How Did Smiles Become Friendly Gesture in Humans?

Posted on January 7, 2017

Too much teeth in smiles have been associated with unfriendliness, but a little curve of the lips and a little teeth invokes a friendly gesture in both adults and babies. On the other hand, nearly all other animal species views teeth as a threat. How did the same expression change so much for the human race?

Frank McAndrew, who studies facial expressions, explains that teeth do not always mean something threatening. For example, in primates teeth held together is a sign of submission. Perhaps the human smile evolved from that. Furthermore, the combination of different kinds of expressions are important when analyzing if something seems unfriendly or not. When teeth are bare and the lips are pulled back, it emanates a threatening expression, as if the subject is about to bite. However, when teeth are shown with relaxed lips, reflects an amicable signal.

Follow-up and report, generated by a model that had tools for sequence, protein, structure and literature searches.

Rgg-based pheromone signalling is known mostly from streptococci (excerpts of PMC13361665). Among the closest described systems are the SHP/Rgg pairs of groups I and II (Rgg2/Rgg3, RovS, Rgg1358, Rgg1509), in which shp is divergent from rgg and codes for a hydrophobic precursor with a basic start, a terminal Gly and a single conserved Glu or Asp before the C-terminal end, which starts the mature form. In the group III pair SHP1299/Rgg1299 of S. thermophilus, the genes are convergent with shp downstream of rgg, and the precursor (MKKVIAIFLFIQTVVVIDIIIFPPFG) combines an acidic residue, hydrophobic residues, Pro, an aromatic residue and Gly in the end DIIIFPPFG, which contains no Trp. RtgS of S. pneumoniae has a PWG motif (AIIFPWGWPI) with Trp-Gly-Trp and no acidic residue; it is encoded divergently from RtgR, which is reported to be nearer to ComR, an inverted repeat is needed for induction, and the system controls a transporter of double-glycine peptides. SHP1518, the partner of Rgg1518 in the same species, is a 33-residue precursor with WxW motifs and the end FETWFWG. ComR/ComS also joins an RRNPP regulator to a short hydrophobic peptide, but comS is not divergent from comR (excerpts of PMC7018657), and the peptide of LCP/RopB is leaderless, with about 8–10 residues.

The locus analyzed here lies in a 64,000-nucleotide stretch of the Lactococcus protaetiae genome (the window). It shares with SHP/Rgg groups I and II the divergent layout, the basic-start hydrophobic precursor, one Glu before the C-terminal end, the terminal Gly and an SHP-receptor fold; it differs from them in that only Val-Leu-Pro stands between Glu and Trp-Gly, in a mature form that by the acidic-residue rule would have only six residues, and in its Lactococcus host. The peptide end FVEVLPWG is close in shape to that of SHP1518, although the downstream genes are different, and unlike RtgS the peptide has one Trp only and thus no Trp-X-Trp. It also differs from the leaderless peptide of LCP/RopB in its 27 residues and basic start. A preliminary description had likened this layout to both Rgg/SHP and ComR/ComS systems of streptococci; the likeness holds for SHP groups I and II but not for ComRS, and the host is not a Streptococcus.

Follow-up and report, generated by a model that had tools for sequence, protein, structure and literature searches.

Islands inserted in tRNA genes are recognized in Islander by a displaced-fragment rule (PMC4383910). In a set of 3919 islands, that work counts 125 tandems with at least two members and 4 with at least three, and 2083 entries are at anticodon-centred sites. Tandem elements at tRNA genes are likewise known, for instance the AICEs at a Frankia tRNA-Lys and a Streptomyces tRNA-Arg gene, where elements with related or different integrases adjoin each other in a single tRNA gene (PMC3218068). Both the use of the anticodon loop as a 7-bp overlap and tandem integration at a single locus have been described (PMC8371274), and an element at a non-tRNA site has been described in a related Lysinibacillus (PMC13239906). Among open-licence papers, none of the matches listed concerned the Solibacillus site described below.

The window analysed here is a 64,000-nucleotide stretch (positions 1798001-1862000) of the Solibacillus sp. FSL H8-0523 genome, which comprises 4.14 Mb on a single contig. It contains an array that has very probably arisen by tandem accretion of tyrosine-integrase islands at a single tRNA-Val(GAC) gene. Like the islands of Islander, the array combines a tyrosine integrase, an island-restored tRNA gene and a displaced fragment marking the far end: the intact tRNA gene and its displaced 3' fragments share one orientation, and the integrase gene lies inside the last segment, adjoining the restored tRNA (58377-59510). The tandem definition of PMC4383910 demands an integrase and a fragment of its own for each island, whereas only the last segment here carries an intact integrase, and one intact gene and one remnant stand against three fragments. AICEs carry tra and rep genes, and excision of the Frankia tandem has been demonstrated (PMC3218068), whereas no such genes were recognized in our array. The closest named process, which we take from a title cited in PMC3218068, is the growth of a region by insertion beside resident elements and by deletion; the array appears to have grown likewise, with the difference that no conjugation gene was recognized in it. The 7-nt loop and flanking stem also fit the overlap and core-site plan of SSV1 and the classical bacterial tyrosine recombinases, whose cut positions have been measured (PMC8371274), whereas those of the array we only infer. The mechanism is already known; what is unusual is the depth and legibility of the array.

McAndrew goes on to say how these types of behaviors and our interpretation of them are innate. That is, evolution has worked its way to "program" such expressions. Babies who are born blind can smile appropriately in the right conditions that other sighted people do!

Source material from Scientific American

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